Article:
Crossroads (Toward Philippine economic and social progress)
Philippine Star, 3 May 2017


Almost two weeks ago, the  administration held a public presentation of Dutertenomics at the Conrad Hotel in Manila.

I was invited to be an outside and final speaker to help summarize and comment on the economic policies. Unfortunately an unexpected tragic family event required me to travel across the world.

Still focused on the same task belatedly, I rely on my knowledge of what the government is trying to do concerning economic growth and development policies.

Duterte’s economics. The government’s economic agenda is encompassed by the 10-point program announced by President Duterte shortly after taking office.

A slightly different rendering is the following: Duterte’s economics aim to achieve: (a) a sustained rate of economic growth that is close to seven percent per year; (b) an “inclusive” program that reaches the widest groups of the members of society; (c) a high rate of investment in public infrastructure to unleash a “golden age of investment in infrastructure development”; (d) financing of the government’s hard investments from a variety of means, relying on PPP (public private participation) and on official development assistance complemented by a deep effort to reform the tax system; and (e) fuller implementation of the family planning program that has already been passed into law.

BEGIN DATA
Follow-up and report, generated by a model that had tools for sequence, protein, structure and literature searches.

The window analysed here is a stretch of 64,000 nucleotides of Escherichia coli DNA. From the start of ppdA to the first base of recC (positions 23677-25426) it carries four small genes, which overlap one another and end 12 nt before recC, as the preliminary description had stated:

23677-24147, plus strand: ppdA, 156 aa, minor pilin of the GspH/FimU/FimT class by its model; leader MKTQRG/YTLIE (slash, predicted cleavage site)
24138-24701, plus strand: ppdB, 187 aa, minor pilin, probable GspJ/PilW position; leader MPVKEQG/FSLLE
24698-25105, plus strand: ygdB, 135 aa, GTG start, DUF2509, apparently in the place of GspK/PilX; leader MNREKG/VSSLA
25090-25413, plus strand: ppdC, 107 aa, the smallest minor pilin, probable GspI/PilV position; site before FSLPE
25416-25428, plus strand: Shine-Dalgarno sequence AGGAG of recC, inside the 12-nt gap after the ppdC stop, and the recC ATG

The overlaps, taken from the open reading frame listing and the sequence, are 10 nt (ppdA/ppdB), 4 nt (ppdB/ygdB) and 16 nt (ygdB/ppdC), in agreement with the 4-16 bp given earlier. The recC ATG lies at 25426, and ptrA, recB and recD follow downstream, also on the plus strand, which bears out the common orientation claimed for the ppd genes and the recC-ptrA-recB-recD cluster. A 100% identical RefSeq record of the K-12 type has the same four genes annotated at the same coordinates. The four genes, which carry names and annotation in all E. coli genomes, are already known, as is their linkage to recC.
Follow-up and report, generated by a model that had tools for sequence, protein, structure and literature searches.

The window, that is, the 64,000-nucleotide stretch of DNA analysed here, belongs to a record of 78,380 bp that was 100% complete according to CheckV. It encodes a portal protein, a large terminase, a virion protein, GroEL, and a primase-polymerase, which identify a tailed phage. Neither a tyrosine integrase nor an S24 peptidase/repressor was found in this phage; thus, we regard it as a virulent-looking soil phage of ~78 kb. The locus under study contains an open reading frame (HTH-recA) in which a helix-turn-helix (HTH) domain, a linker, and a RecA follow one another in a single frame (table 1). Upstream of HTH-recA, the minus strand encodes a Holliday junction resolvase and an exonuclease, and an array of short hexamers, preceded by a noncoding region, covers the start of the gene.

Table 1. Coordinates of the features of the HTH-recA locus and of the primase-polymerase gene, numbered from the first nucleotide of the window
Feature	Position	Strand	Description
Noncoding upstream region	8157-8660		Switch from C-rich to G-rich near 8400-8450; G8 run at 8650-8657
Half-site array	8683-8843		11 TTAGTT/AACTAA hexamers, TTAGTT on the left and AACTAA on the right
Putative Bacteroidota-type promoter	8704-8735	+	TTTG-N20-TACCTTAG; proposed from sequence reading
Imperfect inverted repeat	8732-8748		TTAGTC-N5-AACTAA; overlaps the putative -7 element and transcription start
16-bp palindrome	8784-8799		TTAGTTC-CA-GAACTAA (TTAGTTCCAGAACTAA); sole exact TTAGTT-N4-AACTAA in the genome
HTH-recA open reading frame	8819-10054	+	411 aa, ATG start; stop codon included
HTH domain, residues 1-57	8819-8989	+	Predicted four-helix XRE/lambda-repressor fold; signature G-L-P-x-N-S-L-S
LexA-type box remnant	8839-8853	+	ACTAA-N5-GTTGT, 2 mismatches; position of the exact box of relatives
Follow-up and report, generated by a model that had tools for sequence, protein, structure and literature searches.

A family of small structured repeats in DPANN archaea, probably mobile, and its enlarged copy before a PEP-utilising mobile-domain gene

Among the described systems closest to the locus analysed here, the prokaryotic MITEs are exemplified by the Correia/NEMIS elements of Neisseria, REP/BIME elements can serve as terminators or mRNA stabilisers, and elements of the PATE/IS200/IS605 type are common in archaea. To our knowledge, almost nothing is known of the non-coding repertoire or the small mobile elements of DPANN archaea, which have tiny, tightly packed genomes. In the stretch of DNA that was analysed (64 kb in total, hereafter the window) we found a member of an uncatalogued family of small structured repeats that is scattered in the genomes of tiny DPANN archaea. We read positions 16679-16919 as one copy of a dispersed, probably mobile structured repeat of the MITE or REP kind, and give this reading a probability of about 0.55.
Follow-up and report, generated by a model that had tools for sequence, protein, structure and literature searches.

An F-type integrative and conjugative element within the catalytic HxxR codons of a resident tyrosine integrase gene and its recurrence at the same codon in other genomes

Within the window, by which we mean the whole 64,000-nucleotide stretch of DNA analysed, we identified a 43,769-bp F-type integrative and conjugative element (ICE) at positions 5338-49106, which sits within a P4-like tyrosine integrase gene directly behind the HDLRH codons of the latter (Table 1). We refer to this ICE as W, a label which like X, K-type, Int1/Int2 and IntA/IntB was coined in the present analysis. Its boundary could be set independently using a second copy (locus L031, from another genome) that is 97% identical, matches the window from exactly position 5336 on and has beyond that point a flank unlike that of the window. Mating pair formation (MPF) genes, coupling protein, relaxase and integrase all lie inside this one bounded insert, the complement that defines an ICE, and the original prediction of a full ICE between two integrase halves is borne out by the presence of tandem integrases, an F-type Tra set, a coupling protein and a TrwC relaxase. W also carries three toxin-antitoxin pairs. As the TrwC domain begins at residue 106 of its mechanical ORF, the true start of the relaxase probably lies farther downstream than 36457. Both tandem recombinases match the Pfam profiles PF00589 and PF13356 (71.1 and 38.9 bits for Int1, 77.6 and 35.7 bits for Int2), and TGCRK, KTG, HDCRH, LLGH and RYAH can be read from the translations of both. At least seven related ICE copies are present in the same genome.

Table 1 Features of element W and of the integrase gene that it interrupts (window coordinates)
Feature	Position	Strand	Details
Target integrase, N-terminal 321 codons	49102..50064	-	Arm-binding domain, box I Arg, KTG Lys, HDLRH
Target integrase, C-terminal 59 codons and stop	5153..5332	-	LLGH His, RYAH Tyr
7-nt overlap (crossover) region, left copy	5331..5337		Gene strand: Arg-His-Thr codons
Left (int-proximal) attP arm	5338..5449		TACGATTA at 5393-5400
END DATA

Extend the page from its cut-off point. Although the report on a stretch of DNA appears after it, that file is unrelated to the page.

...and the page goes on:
The major programs and policies also cover those efforts to energize the private sector such as promoting enterprise especially among small and medium scale industries, and programs to promote enterprise.

Further, Duterte’s economic program includes the improvement of private investments to cover the lifting of constitutional barriers that limit the participation of foreign direct investments in the economy.

If this is done and corrupt and excessive red-tape in government, local and national are removed or minimized, the country’s “Doing business” performance in relation to many other countries would improve immensely.

So far, the country’s performance along this metric has stalled despite the President’s order to simplify and shorten business procedures.